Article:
Del Norte’s letter cites a limited number of transitional housing beds and the necessity of relying on hotel rooms to meet the need for more transitional housing. The Department of Health and Human Services currently provides temporary non-congregate shelter for nine individuals in motel rooms through Project RoomKey. Ten more are on a waiting list for rooms currently.
“Housing becomes a priority when clients are served in specialty courts (proven in our experience with Drug Court, Integrated Treatment Court, Veterans Court and the diversion program),” DHHS Director Ranell Brown told the Wild Rivers Outpost. “Without housing programs to support individuals in CARE Court, we would be at a major disadvantage.”
The county’s letter, referencing the 462 homeless individuals surveyed in the Point-in-Time count, points out that an “unhoused individual is less likely to be successful in mental health or substance use disorder treatment.”
On Tuesday, Assistant County Administrative Officer Randy Hooper said he, County Counsel Joel Campbell-Blair and even the public defender’s office wanted the letter to be as specific as possible.
Hooper said the county focused on specifics such as housing because they didn’t think it would be fair for penalties to exist in situations the county doesn’t have control over. He mentioned housing specifically, stating that the county isn’t in the business of creating housing.
However, Hooper added that mental health reforms are needed and has been a “huge issue affecting every corner of the state.”
“We didn’t want this to be a letter of opposition,” Hooper told supervisors. “We all understand it is needed and very much has legs. It will likely be signed by the governor after it gets through the legislature.”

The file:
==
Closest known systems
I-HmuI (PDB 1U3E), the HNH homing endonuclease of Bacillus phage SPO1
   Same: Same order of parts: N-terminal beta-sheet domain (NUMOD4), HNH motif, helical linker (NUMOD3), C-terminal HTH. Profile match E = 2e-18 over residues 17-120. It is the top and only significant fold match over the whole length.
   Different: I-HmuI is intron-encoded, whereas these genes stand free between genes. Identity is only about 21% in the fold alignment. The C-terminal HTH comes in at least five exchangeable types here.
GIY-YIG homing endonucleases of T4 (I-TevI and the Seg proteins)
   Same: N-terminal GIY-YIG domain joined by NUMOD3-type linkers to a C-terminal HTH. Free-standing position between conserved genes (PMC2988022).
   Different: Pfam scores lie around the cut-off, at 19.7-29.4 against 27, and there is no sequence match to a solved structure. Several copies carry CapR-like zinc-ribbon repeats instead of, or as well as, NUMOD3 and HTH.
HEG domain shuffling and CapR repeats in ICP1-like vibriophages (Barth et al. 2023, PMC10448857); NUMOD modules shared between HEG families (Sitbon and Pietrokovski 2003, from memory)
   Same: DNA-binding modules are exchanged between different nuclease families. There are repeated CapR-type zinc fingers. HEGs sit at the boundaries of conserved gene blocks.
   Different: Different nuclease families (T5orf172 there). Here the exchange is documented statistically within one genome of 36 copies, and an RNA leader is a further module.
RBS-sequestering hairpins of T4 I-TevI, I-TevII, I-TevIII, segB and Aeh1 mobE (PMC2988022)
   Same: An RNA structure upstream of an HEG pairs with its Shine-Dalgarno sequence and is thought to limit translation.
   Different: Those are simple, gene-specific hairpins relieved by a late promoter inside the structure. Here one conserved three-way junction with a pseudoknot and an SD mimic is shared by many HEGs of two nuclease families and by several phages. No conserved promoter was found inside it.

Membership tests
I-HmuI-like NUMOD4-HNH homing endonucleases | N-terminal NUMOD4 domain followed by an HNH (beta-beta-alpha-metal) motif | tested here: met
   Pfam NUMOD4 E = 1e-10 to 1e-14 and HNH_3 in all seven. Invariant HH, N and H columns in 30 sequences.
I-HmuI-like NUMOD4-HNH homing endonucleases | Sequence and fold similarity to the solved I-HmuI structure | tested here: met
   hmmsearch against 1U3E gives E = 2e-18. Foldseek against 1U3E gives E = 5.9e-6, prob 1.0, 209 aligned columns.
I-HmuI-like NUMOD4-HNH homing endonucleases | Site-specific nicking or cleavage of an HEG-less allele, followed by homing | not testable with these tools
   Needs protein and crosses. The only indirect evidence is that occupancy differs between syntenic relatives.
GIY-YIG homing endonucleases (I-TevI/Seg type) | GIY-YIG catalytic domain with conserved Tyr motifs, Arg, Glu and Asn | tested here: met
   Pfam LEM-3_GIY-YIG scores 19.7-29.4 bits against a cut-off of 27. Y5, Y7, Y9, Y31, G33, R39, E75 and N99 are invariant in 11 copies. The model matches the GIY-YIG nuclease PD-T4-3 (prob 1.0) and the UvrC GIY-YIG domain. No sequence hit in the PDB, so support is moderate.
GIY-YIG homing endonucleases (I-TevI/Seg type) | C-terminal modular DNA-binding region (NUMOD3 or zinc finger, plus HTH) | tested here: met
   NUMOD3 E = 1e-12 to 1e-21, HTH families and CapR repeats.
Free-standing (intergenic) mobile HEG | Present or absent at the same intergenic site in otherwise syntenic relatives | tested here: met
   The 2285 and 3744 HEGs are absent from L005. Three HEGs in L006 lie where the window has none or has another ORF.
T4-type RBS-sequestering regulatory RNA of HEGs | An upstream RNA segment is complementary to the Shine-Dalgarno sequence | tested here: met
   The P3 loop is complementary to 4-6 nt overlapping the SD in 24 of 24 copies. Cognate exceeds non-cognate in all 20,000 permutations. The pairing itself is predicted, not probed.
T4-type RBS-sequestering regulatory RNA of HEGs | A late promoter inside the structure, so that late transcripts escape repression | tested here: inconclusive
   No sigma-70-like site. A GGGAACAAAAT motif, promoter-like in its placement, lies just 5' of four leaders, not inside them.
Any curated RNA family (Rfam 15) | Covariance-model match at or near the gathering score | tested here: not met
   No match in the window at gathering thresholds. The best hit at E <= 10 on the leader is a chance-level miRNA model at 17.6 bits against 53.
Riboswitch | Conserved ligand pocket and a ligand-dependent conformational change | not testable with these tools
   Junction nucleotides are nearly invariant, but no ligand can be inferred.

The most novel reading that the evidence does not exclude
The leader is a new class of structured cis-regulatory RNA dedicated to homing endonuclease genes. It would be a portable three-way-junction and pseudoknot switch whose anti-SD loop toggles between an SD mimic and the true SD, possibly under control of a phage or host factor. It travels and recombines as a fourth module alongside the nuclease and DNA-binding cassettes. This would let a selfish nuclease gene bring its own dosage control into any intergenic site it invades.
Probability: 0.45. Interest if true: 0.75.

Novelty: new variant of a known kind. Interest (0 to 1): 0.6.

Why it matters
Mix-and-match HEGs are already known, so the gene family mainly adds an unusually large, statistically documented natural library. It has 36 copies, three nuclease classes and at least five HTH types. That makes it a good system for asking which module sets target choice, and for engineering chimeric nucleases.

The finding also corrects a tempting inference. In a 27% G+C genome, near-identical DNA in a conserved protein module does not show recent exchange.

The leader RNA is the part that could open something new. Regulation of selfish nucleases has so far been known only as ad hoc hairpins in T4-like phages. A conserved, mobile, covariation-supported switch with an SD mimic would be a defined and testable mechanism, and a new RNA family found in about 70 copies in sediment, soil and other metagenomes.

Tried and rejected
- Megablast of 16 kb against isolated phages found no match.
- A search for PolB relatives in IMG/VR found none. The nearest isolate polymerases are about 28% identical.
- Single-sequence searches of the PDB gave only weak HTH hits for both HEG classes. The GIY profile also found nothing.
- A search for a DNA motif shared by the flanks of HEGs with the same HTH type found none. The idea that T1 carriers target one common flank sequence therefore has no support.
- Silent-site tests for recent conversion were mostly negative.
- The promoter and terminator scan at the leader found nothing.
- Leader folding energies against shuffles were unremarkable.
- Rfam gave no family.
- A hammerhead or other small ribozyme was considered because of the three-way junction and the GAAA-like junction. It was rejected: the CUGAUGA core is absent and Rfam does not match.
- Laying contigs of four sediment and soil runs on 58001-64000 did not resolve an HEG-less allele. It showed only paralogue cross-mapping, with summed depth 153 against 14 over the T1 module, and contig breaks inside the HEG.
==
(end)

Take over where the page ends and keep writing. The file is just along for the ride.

Though she voted to approve the county’s letter, District 5 Supervisor Susan Masten asked if staff provided language to the county’s lobbyist at the state level of what they’d like to see in the bill.
“I think the bill is going to move forward,” she said. “It’s important for them to understand how it impacts us and for them to understand what would improve it.”
Howard said he sent a copy of the county’s letter to the California State Association of Counties Executive Director Graham Knaus.
According to Del Norte County’s letter, CSAC and the Rural Counties Representatives of California are advocating for the CARE Courts program to be an opt-in pilot project so it could be “phased-in in a thoughtful, transparent and incremental manner.”
On Tuesday, Howard said Knaus thought Del Norte’s letter was well written.
According to Open States, SB 1338 was referred to the California Assembly’s health and judiciary committees on June 2.